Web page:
Two things I believe are very important:
Depending on the nature of the direct actions you carry out, you may want to limit your group to no more than 10 to 15 members -- if you find your group growing beyond that, you may want to vote to create an autonomous splinter group.
This serves to encourage decentralization and will make it harder for the authorities to smash your organization by: 1) increasing the number of groups they have to monitor, which makes their counter-revolutionary efforts less effective; 2) making it more likely that the members in your group are good comrades whom you trust, and not infiltrators.
It also decreases the chance of a hierarchical elite controlling the group and will allow the group's members to communicate better with one another -- when groups get too large, it becomes difficult to get everyone together, much less to get them to agree on courses of action!
Where anarchist groups are concerned, smaller is better -- the organization is a means to an end, not the end unto itself. We must be forever on our guard against the tendency for bureaucratic elites to form within organizations.
The key is for the disparate groups in your community to be in touch with each other, without following identical agendas. Good communication between groups is vital for coordinating direct actions.
One offshoot of the modern collective is the infoshop -- an anarchist collective whose purpose is to disseminate anarchist propaganda and serve as a community empowerment locus. Ideally the infoshop seeks to facilitate social revolution by educating the community's workers about anarchism. There is debate within the movement as to whether or not infoshops are actually effective in this regard.
My personal opinion is that community development must occur before an infoshop is created, rather than the other way around -- otherwise there's the risk that the infoshop will be marginalized and/or ignored by the community around it.
Ideally, an infoshop should be a natural step in the process of community empowerment, rather than something arbitrarily thrown into a community in the absence of demand for it. If people would rather be home watching TV than frequenting your infoshop, you're doing something wrong!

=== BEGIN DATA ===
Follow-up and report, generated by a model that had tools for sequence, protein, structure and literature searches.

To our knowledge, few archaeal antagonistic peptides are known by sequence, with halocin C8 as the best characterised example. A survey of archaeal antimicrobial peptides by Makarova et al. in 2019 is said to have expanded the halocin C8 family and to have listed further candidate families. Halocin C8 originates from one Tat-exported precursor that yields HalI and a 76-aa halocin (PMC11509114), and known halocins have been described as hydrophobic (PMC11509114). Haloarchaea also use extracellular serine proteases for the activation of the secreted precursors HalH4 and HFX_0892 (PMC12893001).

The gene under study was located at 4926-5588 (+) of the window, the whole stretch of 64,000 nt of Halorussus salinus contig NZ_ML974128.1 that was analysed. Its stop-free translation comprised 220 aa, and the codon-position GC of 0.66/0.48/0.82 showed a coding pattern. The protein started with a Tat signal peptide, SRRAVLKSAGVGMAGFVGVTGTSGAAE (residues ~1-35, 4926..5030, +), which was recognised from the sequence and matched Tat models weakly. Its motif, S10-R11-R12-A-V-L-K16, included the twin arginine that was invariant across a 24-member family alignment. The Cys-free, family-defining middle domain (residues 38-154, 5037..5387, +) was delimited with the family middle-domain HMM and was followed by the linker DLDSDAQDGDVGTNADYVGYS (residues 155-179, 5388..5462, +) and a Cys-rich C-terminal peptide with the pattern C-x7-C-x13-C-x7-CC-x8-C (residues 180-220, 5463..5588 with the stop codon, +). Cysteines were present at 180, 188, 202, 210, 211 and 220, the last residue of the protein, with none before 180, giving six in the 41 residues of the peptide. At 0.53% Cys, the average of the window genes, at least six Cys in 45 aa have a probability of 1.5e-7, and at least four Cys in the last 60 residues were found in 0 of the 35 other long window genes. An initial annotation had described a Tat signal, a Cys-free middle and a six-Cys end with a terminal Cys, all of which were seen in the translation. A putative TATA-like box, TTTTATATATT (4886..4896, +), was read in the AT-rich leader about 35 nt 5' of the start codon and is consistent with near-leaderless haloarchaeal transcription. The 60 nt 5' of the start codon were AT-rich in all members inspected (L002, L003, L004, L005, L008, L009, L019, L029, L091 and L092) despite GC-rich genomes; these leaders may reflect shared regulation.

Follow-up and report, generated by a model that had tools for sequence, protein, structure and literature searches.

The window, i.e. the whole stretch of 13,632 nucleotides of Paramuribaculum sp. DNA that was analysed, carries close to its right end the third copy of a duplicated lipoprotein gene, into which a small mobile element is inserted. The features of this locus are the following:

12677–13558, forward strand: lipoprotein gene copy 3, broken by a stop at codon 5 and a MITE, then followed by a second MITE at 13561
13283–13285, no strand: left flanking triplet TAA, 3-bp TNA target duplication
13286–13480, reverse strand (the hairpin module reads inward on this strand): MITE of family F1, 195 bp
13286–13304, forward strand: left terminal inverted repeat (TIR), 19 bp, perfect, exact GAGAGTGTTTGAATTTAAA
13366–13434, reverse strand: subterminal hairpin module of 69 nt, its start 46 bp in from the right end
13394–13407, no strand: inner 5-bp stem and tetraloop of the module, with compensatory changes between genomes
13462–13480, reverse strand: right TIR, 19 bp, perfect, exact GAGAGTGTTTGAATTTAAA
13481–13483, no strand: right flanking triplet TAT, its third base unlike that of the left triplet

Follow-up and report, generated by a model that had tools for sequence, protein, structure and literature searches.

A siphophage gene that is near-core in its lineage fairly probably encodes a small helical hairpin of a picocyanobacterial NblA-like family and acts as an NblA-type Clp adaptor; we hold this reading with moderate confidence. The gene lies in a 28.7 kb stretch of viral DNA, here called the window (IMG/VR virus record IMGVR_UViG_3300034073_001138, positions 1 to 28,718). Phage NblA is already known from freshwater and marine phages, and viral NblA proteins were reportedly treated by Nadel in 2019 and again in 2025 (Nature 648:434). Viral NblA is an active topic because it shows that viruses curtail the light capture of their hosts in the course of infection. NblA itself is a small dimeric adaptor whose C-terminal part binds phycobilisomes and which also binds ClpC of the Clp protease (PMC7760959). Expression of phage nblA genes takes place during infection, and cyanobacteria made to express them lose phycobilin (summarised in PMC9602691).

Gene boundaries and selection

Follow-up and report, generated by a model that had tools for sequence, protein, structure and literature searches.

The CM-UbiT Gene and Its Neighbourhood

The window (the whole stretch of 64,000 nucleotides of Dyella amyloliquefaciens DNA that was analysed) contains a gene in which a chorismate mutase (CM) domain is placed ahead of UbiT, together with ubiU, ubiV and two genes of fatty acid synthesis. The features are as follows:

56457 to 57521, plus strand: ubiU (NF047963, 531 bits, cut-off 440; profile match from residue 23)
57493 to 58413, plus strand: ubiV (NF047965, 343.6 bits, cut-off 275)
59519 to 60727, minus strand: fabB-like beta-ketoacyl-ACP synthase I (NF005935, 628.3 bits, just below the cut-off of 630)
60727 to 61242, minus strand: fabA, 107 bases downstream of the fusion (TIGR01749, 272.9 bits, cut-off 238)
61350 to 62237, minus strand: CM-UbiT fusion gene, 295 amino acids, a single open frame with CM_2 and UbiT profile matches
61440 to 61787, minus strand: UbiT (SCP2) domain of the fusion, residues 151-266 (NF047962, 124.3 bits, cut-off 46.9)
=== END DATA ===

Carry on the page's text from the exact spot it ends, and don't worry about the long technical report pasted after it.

Another important thing to note is that your anarchist group needn't be solely a smoothly running propaganda machine -- you can also have fun! As a community resource, you can have all sorts of activities there -- anything that gets people together will do. The difference between this sort of activity and a social club is that it is always clear that this is an anarchist event, with all that entails -- if your group simply meets to hang out or have fun, in the absence of direct action, then you're off the track!
There is no one magic formula to apply with regard to your anarchist group, except that the true anarchist must be an active one -- active in fomenting social revolution through class struggle. Otherwise, you'll simply lapse into lifestylism, which ultimately strengthens capitalism by sapping strength from the movement.
The decentralization and informality of anarchist organizing is ultimately an asset, particularly with regard to the authorities -- in traditional (that is, vanguardist) radical organizations, police can simply lock up the leaders or bust up the organization to stop them; however, with anarchist organizing, there are no leaders -- everyone is doing their part. Moreover, the movement is decentralized, making it much harder for authorities to infiltrate and destroy it.
And the police will try to do that, particularly if you are successful in the community. Beware of agent provocateurs whose purpose is to thwart and destroy your efforts by exacerbating group rivalries and trying to get your group to undertake actions that will result in its destruction or which will allow the corporate media opportunities to slander the movement. Always be careful of whom you let into your collective, but do not let this very real security concern make you paranoid!
If you have the financial means, or if your collective has grown strong enough, you may consider forming a cooperative -- a worker-owned and -controlled company that provides some needed service in your community. Be sure to research this carefully, and make sure you have enough community support for it. But this can be a satisfying way to put your ideas into daily practice.
Anything worthwhile requires enormous effort to achieve. As the anarchist vision is the most worthwhile in its goals -- the libertarian society -- it follows that it will require a huge amount of work from a large number of people. Indeed, most of society will have to support anarchism for social revolution to be possible.
Anarchism offers the truest, most satisfying way to social justice; if enough of us work together in our respective communities, fighting social atomization and mobilizing and organizing the workers, anarchy will be realized in our lifetimes!